Implement a simple interpreter or a portion of the
language translation process such as a lexical analyzer,
parser, code generator or optimizer
LO1
Use big O notation formally to give asymptotic upper
bounds on time and space complexity of algorithms
LO2
Choose and apply the most appropriate algorithm design
technique (divide and conquer, backtracking, greedy,
dynamic programming) for solving problems
LO3
Describe the behavior and running time of various
searching, sorting, and graph algorithms.
LO1
Design finite-state machines, regular expressions,
context-free grammar, push-down automata and turing
machines for modeling a given language; and define the
classes P and NP and explain their significance to
computing applications
3
3
3
3
3
3
LO2
E
E
E
E
I
I
I
I
I
I
I
I
E
E
E
E
E
E
E
E
E
E
E
I
E
Apply the concept of state machines in the design and
implementation of software.
23 | P a g e
E
DRAFT as of April 23, 2015
NC101
OS101
AR101
SP101
SE101
SE102
NC
OS
AR
SP
SE
SE
Networks and
Communicatio
ns
Operating
Systems
Architecture
and
Organization
Social Issues
and
Professional
Practice 1
Software
Engineering 1
Software
Engineering 2
SDF102
SDF103
DS101
SDF103
SE102
IM101
SDF104
SE101
3
3
LO1
Implement a simple client-server socket-based
application that meets the needs of an organization
against security threats;
LO2
Design and implement a simple reliable network protocol
through the diagnosis and fixing of common network
problems;
LO3
Compare and contrast the fixed and dynamic allocation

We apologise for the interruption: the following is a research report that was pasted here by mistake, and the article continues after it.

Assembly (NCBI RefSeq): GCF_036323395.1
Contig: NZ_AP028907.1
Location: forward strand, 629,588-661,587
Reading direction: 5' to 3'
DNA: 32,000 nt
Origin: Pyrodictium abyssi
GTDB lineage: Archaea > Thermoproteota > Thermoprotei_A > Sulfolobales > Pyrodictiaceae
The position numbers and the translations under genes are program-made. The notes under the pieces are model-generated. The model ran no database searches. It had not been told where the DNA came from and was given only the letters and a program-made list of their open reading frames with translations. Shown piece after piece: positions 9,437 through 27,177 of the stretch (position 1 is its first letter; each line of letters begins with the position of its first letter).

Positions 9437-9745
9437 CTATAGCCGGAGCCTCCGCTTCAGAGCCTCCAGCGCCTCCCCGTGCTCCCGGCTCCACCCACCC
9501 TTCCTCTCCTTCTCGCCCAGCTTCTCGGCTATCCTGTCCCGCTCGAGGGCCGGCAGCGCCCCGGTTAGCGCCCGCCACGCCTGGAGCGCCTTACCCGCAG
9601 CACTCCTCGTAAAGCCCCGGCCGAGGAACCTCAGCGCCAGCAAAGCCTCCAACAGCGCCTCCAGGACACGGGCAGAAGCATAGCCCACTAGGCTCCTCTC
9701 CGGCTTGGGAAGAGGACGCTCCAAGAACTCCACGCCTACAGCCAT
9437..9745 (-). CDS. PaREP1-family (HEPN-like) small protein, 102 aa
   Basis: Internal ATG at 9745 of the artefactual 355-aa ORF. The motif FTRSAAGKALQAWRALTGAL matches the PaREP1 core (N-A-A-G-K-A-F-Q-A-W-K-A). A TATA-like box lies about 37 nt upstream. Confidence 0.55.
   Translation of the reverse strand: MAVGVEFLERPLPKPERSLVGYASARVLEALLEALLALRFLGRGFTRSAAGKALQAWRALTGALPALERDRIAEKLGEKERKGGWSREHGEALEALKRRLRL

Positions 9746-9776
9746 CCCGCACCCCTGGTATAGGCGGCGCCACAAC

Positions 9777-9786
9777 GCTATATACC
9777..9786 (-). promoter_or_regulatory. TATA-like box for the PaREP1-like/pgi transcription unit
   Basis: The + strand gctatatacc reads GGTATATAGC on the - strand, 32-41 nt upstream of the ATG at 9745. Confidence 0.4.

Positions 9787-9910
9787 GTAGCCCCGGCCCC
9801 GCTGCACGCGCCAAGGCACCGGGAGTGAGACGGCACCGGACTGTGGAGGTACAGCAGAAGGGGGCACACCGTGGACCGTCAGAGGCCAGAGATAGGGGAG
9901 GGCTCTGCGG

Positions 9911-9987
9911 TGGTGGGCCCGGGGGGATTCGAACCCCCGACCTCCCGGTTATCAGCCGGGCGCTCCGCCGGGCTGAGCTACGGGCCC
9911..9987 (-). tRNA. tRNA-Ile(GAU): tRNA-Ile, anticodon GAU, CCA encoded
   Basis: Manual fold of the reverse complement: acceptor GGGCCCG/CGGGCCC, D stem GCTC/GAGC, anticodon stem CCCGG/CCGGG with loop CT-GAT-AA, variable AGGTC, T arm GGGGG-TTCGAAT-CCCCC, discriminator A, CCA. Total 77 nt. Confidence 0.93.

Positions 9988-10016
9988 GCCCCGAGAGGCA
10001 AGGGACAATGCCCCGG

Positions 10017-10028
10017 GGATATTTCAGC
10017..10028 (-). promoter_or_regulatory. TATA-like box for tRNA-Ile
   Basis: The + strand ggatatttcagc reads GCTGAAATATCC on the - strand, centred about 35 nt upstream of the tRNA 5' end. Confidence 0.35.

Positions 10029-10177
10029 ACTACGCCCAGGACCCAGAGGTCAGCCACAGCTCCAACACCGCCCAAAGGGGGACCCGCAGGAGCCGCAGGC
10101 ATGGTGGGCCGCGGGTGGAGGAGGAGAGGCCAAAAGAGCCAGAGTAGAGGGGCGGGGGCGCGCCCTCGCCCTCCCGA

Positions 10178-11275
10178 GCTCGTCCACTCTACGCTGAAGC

techniques
LO1
Analyze the tradeoffs inherent in OS design
LO2
Compare and contrast the algorithms used for processor
scheduling and the different ways of allocating memory to
tasks
LO3
Design and create concurrent programs considering
synchronization issues
LO1
Design the basic building blocks of a computer:
arithmetic-logic unit (gate-level), registers (gate-level),
central processing unit (register transfer-level), memory
(register transfer-level).
3
LO2
Write simple programs in assembly language.
LO1
Argue the pros and cons of the design and implemention
of computing solutions in education, industry and
government, to name a few
3
LO2
Evaluate professional, ethical and social issues of
computing decisions
LO1
Discuss the difference between the waterfall-based
models and agile-based models, and identify the
strengths and weaknesses of these models
LO1
Discuss the difference between the waterfall-based
models and agile-based models, and identify the
strengths and weaknesses of these models
LO2
Extract user requirements, translate these to formal
models, and present these using UML-based
visualizations
LO3
Design an over-all architecture of the system, and justify
its appropriateness
LO4
Translate program designs and specifications into actual
program codes
LO1
Improve an existing software by adopting an appropriate
design pattern
LO2
Translate program designs and specifications into actual
program codes
LO3
Design test case documents applying good testing
practices, run the existing program against these test
cases, and report program defects properly
LO4
Update a software that requires defect fixing or has
undergone some changes in specifications
3
3
E
E
E
E
E
E
E
E
E
E
E
E
E
E
E
E
E
E
E
E
E
E
E
E
E
E
E
E
E
E
E
D
D
D
D
D
D
D
D
D
D
24 | P a g e